496 F.2d 1191
Robert W. STAUDMIER, Petitioner-Appellant,
UNITED STATES of America, and Warden S. J. Britton, U.S.
Penitentiary, Leavenworth, Kansas, Respondent-Appellee.
United States Court of Appeals, Tenth Circuit.
Submitted May 9, 1974.
Decided June 3, 1974.
Robert W. Staudmier, pro se.
Before PICKETT, Senior Circuit Judge, and SETH and McWILLIAMS, circuit judges.
Appellant Staudmier, an inmate of the United States Penitentiary, Leavenworth, Kansas, petitioned the United States District Court for the District of Kansas for habeas corpus relief. In support of the petition, Staudmier alleged that prison authorities failed to properly aggregate his sentences as provided by 18 U.S.C. 4161; that good time credit was therefore earned at a rate lower than that to which he was entitled; and that he is, as a result, being held past his expiration date and is entitled to immediate release. The district court found these contentions to be without merit and denied relief. We affirm.
Staudmier's incarceration is the result of a number of convictions. He was convicted of bank robbery on October 30, 1964; bank robbery, escape from a U.S. Marshall and assaulting a guard employed by the U.S. Marshall on March 25, 1965; and attempted escape on June 13, 1967. Sentences as a result of the 1964 and 1965 convictions were imposed pursuant to the Youth Corrections Act (18 U.S.C.A 5010) and were to run concurrently to one another. The sentence following the 1967 conviction was not imposed pursuant to the Youth Corrections Act and was to run consecutively to the earlier sentences. Staudmier was paroled on February 16, 1972 from the sentences imposed under the Youth Corrections Act and, at that time, began serving the 1967 sentence.
In the instant proceedings, Staudmier contends that the 1967 sentence which he is now serving should have been aggregated pursuant to 4161 with the earlier sentences imposed under the Youth Corrections Act. We find no merit to this contention. By its very terms, 4161 is applicable only to sentences to a definite term. Staudmier's 1967 sentence to five years confinement is such a definite term. However, youthful offenders sentenced pursuant to 18 U.S.C. 5010 are sentenced to the custody of the Attorney General for treatment and supervision until discharged as provided by 18 U.S.C. 5017. Such sentences are thus for indeterminate terms. Hale v. United States, 307 F.Supp. 345 (D.C.Okl.1970). See also, United States v. Hartford, 489 F.2d 652 (5th Cir. 1974); United States v. Smith, 464 F.2d 194 (10th Cir. 1972). The aggregation provisions of 18 U.S.C. 4161 are therefore clearly inapplicable to sentences imposed under the Youth Corrections Act.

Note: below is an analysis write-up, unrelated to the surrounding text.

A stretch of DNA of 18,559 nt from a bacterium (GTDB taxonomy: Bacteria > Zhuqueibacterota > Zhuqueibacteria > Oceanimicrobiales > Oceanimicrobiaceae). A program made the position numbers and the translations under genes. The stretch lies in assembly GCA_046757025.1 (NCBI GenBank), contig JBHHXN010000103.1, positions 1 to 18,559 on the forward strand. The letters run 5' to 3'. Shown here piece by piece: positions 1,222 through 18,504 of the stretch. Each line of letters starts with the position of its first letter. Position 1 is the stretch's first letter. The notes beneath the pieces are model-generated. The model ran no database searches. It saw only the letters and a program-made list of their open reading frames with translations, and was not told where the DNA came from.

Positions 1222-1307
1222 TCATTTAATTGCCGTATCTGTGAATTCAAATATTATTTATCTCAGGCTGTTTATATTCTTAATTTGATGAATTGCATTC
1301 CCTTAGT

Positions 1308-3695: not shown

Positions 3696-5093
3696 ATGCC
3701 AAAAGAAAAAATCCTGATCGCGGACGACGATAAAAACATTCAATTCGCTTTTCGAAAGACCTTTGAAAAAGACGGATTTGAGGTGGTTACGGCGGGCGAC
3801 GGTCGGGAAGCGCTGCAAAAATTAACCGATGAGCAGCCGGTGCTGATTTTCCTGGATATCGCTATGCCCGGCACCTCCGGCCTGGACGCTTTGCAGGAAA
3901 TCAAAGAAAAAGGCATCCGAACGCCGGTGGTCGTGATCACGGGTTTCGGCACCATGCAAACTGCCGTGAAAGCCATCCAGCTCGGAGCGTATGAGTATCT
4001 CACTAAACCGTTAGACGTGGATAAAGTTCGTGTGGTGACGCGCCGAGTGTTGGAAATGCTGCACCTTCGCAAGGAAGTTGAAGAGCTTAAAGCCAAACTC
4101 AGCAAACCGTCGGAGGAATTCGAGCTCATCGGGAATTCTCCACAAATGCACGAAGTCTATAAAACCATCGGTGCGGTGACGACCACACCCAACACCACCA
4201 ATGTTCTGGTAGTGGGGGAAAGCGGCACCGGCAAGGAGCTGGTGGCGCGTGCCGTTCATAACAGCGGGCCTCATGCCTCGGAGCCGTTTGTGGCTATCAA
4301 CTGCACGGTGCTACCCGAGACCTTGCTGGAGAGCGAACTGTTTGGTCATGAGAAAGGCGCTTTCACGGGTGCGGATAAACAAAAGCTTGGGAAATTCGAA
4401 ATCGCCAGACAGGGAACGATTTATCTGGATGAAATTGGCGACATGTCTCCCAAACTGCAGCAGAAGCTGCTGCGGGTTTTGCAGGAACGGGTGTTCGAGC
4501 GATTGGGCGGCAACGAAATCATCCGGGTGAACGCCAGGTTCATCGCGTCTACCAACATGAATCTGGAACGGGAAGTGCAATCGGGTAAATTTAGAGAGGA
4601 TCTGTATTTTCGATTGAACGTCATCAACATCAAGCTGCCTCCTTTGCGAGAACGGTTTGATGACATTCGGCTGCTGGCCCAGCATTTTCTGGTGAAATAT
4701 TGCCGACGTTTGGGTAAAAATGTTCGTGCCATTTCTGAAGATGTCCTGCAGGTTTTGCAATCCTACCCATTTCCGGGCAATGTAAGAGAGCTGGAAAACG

Upon docketing, the parties were notified that we were considering summary affirmance and of their respective rights to oppose or support such action. Staudmier responded with a short letter in opposition to summary affirmance. Nevertheless, after carefully and thoroughly reviewing the records and files of this case, we have concluded that the action of the district court was correct.